Brother, I’m Dying, by Edwidge Danticat (2007)
The true-life story of Edwidge Danticat’s move from Haiti to New York City and the death of her Uncle Joseph after he was detained by U.S. immigration authorities.
Create Dangerously: The Immigrant Artist at Work, by Edwidge Danticat (2010)
A deeply personal reflection on art and exile, examining what it means to be an immigrant artist from a country in crisis.
Heading South, Looking North: A Bilingual Journey, by Ariel Dorfman (1998)
A memoir of Ariel Dorfman’s life and bilingual struggle of being an Argentine born in New York City and later resettling in his new home in Chile.
The Exile Experience: Journey to Freedom, by Emilio Estefan (2010)
A historic chronicle that celebrates the accomplishments of the Cuban-American community, featuring the personal stories of exiles from all walks of life.
The Wind Doesn’t Need a Passport: Stories from the U.S.-Mexico Borderlands, by Tyche Hendricks (2010)
A portrait of the least understood and most debated region in the United States, depicting the stories of all types of individuals living on the border.
Immigration Law and the U.S.-Mexico Border, by Kevin R. Johnson and Bernard Trujillo (2011)
An exploration of the history and conflicts of the U.S.-Mexico border and the close relationship between the two countries.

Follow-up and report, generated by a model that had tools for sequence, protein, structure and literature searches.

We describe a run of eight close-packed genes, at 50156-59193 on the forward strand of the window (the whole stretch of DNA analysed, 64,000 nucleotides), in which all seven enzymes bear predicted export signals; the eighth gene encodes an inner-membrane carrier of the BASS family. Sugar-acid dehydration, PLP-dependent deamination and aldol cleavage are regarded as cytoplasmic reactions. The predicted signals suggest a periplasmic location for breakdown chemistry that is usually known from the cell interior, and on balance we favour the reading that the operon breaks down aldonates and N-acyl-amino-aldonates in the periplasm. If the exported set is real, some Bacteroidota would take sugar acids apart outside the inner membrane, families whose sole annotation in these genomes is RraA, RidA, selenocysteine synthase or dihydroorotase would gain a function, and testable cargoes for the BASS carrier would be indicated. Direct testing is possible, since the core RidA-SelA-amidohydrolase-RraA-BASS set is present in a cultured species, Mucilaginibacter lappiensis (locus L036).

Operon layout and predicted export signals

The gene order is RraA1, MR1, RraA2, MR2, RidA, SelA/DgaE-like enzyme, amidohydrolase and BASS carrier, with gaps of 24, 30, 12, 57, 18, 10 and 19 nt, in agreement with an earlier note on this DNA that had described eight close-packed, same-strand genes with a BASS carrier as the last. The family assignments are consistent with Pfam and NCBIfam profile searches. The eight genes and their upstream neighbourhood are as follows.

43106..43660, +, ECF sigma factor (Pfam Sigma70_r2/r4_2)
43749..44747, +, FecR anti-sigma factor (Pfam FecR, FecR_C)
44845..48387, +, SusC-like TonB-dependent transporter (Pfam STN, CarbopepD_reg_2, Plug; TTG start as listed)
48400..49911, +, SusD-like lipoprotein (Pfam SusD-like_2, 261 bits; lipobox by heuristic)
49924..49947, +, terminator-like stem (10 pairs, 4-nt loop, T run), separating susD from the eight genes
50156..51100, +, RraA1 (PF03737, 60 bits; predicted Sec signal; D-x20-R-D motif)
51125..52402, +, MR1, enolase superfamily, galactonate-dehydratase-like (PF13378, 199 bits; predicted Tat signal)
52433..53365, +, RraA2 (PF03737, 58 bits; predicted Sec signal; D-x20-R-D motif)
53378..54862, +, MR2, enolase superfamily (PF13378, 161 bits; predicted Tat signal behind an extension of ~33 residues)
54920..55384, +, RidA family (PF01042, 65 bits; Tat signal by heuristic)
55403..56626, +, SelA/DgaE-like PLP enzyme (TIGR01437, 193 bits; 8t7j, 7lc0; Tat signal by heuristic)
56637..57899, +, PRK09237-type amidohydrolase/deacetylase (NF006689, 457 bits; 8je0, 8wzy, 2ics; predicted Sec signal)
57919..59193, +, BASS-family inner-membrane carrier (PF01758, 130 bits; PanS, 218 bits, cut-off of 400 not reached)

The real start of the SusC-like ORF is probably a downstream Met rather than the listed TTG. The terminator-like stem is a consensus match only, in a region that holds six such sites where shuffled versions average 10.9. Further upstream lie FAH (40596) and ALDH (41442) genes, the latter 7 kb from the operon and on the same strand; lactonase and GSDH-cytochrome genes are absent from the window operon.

Strength in What Remains, by Tracy Kidder (2009)
The true story of Deogratias, a young man from the central African nation of Burundi, who is forced to escape the ethnic violence in Burundi and the genocide in Rwanda and finds himself in New York City.
Train to Nowhere: Inside an Immigrant Death Investigation, by Colleen Bradford Krantz (2011)
The account of the “Denisen Eleven”–migrants from Central America who were smuggled across the U.S.-Mexican border and whose skeletons were found months later in Iowa where the railcar that was transporting them was abandoned.
Nation of Immigrants, by Susan F. Martin (2010)
Traces three immigrant groups and their reasons for coming to the United States that continue through today: the Virginia Colony brought laborers, Massachusetts attracted those with similar religious views, and Pennsylvania valued pluralism.